Too Smart By HalfAustralian Politics and Society About Dangerous Ideas Economics Politics Society
Australian Politics and Society
The Colossus of Cabramatta – Part Three (The Dismissal)
Myth # 3 – “The dismissal was a constitutional crime, a grievous injustice, and a vicious attack on our entire democracy” (The ALPs old guard)
The old class warriors of the ALP love to trot this one out. Truth be told, the entire incident was probably the biggest non-event in our history. It went a little something like this: The Opposition, led by Malcolm Fraser, used their Senate majority to block the passage of supply to the executive.
In layman’s terms, they refused to make zero government dollars available. Both the Senate and the Lower House must approve anything that happens in government, regardless of whether it is a new Bill, or one that has been happening every year since 1901. No one working for Canberra wipes their arse with government toilet paper unless it has been rubber stamped by both houses. Not even single-ply. With the ALP in charge of the lower house, and the Coalition just barely in control of the Senate, parliament was caught in a stalemate, and the entire government came to a standstill.
The governor-general stepped in, sacked Whitlam, then installed Fraser as the “caretaker” prime minister. This seems like an outrage. Indeed, the ALP called upon its legions and the nation at large to “maintain the rage”. A representative of Her Majesty the Queen, in a modern democracy, single-handedly removing a sovereign national leader from power and installing another. It sounds like some horrible power play from imperial times, and a disgraceful attack on our democracy.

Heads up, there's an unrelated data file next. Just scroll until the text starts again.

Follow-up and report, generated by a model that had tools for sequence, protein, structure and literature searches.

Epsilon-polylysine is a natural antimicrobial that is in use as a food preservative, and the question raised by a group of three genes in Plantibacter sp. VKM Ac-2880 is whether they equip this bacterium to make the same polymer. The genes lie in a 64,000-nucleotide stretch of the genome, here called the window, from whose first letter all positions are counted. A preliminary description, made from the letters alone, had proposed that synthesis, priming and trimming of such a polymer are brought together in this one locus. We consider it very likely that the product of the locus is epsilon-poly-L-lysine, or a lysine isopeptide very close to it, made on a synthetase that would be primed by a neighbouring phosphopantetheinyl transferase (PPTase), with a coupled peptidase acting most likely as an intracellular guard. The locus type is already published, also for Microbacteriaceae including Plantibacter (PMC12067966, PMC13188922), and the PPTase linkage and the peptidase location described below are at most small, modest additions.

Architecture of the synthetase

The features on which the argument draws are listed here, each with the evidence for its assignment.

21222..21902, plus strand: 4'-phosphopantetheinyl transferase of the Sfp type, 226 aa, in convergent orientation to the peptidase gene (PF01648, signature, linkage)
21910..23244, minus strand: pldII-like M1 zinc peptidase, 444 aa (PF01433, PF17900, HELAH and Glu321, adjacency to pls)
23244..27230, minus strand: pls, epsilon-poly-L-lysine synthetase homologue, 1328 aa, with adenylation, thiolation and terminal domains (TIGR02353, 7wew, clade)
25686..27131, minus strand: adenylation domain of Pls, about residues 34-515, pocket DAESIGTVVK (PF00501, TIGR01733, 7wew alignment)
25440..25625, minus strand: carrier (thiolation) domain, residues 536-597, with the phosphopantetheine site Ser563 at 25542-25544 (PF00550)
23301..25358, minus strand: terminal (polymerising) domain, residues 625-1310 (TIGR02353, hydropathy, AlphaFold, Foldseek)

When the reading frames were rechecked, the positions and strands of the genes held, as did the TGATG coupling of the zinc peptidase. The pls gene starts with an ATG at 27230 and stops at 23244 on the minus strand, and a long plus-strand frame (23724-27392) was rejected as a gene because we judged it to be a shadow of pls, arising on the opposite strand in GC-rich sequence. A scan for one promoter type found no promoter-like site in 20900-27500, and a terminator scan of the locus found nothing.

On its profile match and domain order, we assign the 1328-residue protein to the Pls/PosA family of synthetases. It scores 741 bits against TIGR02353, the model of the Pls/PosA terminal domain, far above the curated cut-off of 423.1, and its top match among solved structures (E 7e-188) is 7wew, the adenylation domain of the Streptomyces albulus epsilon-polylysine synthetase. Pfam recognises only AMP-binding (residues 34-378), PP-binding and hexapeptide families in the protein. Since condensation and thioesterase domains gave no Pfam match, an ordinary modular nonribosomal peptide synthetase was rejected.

The reality is very different. Generally, this sort of stalemate ends in an election, so the matter can be resolved by the people (well it’s a nice theory anyway). Whitlam refused to hold an election. Fraser could just as easily have blocked anything else using his Senate majority, forcing Whitlam into the same situation. This is one of the crucial duties of the Upper House and a foundation of our entire system. It keeps the power from being held entirely by any one party, and forces over-reaching, uncompromising governments to take their policies to an election instead.
As it happened, Whitlam went to the 1975 election after being sacked, and brought hordes of swing voters with him. Tens, if not hundreds of thousands of angry Australian citizens, disgusted by the idea that their man, their elected official, their prime minister, had been toppled by some symbolic puppet of the decaying British empire. And Gough still lost. In a landslide. Two years later, Fraser thumped him again.
Malcolm Fraser acted in very poor judgement, which he later admitted. His whole prime ministership was tainted by it. Sir John Kerr lived out his days as an outcast and a villain. Anyone with half a brain could have read between the constitutional lines and seen this was an enormous, shameless abuse of his jurisdiction.
But looking back, the weakest players in this whole ugly episode were the ALP. This was the 1970s for Christ’s sake. Any other left-wing party on the planet would have mounted a relentless counter-assault, sweeping both Fraser and Kerr into history’s gutter – right next to Richard Nixon. They probably would have gotten a republic out of it as well.
Instead, most ALP supporters “maintained the rage” for about five minutes, drove around for the next seven years with bumper stickers reading “SHAME FRASER SHAME”, and quietly grumbled about it between beers ever since.